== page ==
Thursday, May 11, 2006

Week 15, Yeats and Eliot

Notes on William Butler Yeats


Yeats was a poet of many phases, not as clearly marked as critics imply: romanticism and symbolism, Irish politics and folklore, aristocratic values, Modernist stylistic compression and an interest in poetic texts as containing entire symbolic systems. But he never left behind his early phases even after moving on from them. Yeats was always concerned with the power of art in relation to other areas of life, with poetry’s status as expression, with its approximation to religion and the stability and ultimate insight religions offer. His poetry becomes more and more complex in its investigation of all these matters. ‘‘A Vision’’ is his prose attempt to create, in the manner of Blake and Swedenborg, an integral system, a mystic yet accurate way of dealing with change in individual identity, the collective unconscious, and world history. Whether all his talk of “gyres,” “will/body of fate,” “creative mind / mask,” and so forth makes a theosophic system is beside the point: the whole affair is a vehicle for his poetry. His complex mature period blends with the ~np~Anglo-American~/np~ Modernism of Eliot and Pound, among others. Take the Symbolist insistence that art constitutes a higher reality all its own, add the allusiveness and integrative power of myth, the spiritual imperatives of mysticism, a paradoxical yet genuine engagement with politics, and a willingness to question his broadest claims for poetry’s truth-status and relevance—and you get Yeats the High Modernist. There is a certain aloofness in Yeats’ manner, an aristocratic contempt for those who want nothing but pleasure from art, as if, to borrow from Bentham, pushpin were as good as poetry. Like most Modernists, Yeats despises middle-class materialism, preferring the genuineness of the poor and the nobility alike. This carries forth a long romantic and Victorian tradition—recall Carlyle’s thundering at “Bobuses” who think of nothing but upward mobility and their stomachs.

But then, the argument over whether art should simply please us or improve us into the bargain is an ancient one; most critics and artists, even the most defiantly aloof among them, have implied that it should be a force both for social cohesion and for spiritual realization and transcendence. The Russian Formalists’ watchword “make it new” isn’t so new, and Modernists believe that art is a powerful shaping force over the spirit and intellect, even if they don’t trust themselves entirely when they say such things. The notion that Modernism doesn’t trust itself calls for an explanation: Yeats, with his occult and elitist tendencies, knows the risk he runs of his art collapsing into aestheticism or romantic solipsism. He’s fashioning a holy book out of his own semi-private symbolic language, a Book that promises special insight to the initiated. Even his use of the past’s myths and history throws down the interpretive gauntlet to us as readers—Yeats is a difficult poet who demands that we turn away from ordinary notions, step out of our individual selves, and understand him on his own terms. The self and the ordinary are cast as barriers to understanding and connection with others.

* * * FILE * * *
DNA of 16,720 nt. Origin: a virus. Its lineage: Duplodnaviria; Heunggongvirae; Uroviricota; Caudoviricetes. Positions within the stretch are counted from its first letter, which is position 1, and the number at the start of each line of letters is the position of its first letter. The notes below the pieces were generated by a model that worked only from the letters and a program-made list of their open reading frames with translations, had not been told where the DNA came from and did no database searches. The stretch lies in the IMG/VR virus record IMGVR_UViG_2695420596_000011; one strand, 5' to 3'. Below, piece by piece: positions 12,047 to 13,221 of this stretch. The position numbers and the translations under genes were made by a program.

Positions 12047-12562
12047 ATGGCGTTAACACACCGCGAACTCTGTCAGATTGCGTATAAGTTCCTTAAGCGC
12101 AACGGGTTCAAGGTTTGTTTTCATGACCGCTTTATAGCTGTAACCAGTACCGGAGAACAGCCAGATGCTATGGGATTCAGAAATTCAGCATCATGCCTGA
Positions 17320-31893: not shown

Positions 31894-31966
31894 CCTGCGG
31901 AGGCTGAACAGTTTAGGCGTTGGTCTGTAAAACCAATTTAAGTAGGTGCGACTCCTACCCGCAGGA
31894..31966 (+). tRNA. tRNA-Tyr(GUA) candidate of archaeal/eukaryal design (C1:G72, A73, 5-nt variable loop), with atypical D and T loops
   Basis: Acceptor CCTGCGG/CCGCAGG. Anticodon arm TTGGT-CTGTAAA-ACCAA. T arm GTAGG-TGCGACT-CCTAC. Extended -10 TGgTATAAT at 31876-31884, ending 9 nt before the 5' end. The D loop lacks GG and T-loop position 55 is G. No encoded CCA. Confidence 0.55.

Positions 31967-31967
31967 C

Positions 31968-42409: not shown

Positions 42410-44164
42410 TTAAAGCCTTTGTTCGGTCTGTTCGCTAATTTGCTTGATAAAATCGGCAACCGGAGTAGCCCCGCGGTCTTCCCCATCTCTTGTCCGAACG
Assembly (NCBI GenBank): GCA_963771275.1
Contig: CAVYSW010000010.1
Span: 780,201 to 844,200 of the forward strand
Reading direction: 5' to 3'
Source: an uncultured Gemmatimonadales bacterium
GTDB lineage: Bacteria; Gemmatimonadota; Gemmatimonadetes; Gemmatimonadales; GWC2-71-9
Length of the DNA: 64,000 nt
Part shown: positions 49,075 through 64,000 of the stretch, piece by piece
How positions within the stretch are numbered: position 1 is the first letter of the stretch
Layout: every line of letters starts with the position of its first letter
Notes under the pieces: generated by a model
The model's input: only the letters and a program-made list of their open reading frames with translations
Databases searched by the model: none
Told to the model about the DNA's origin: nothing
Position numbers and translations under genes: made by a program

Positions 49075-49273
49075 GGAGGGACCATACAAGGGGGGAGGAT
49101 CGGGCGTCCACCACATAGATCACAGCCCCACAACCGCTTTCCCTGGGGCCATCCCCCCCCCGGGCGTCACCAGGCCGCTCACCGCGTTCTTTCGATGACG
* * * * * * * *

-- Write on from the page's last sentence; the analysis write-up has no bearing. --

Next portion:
Yeats’ hero Blake wrote about religion’s tendency to become the province of an evil priesthood, a cynical hieratic class that feeds on the mysteries it propagates and guards. Mystery at its best—even the kind of manufactured mystery we see in the Victorian sages—can flow from genuine wonder at the complexity of humanity and the cosmos; but it can also take its origin from fear, ignorance, and misinterpretation, with consequent need for priestly elites. Modernist myth-making could easily amount to ideology in the service of somebody’s politics. ~np~Anglo-American~/np~ Modernists seem to know this, and yet they find it necessary to offer us a religion of art. Yeats is a man of dilemmas—he’s all for universal myths, yet remains an Irish nationalist; he’s deeply personal and subjective, yet breaks down the barriers of selfhood. And above all, the phrase applied to Tennyson in the nineteenth century—“Lord of Language”—is just as appropriate to Yeats among his twentieth-century peers.

“The Lake Isle of Innisfree”

An early poem, symbolist. The speaker will remove himself from the everyday world and hear what the “deep heart’s core” has to say; this alternative reality will have an order and a peace all its own. The poem has the force of a decision: “I ‘‘will’’ go to the place that’s calling to me.” He hasn’t done it yet, and the chant itself is part of the process whereby he will convince himself to go. There’s some genuine pastoral imagery, a touch of romanticism’s descriptions of beautiful things in nature. Innisfree is symbolic—it is at least as much a state of mind as a real place, perhaps more so. The poem speaks the reality that calls the poet forth, so language participates in the making of something real, whether a state of mind or an actual place.

“Easter 1916”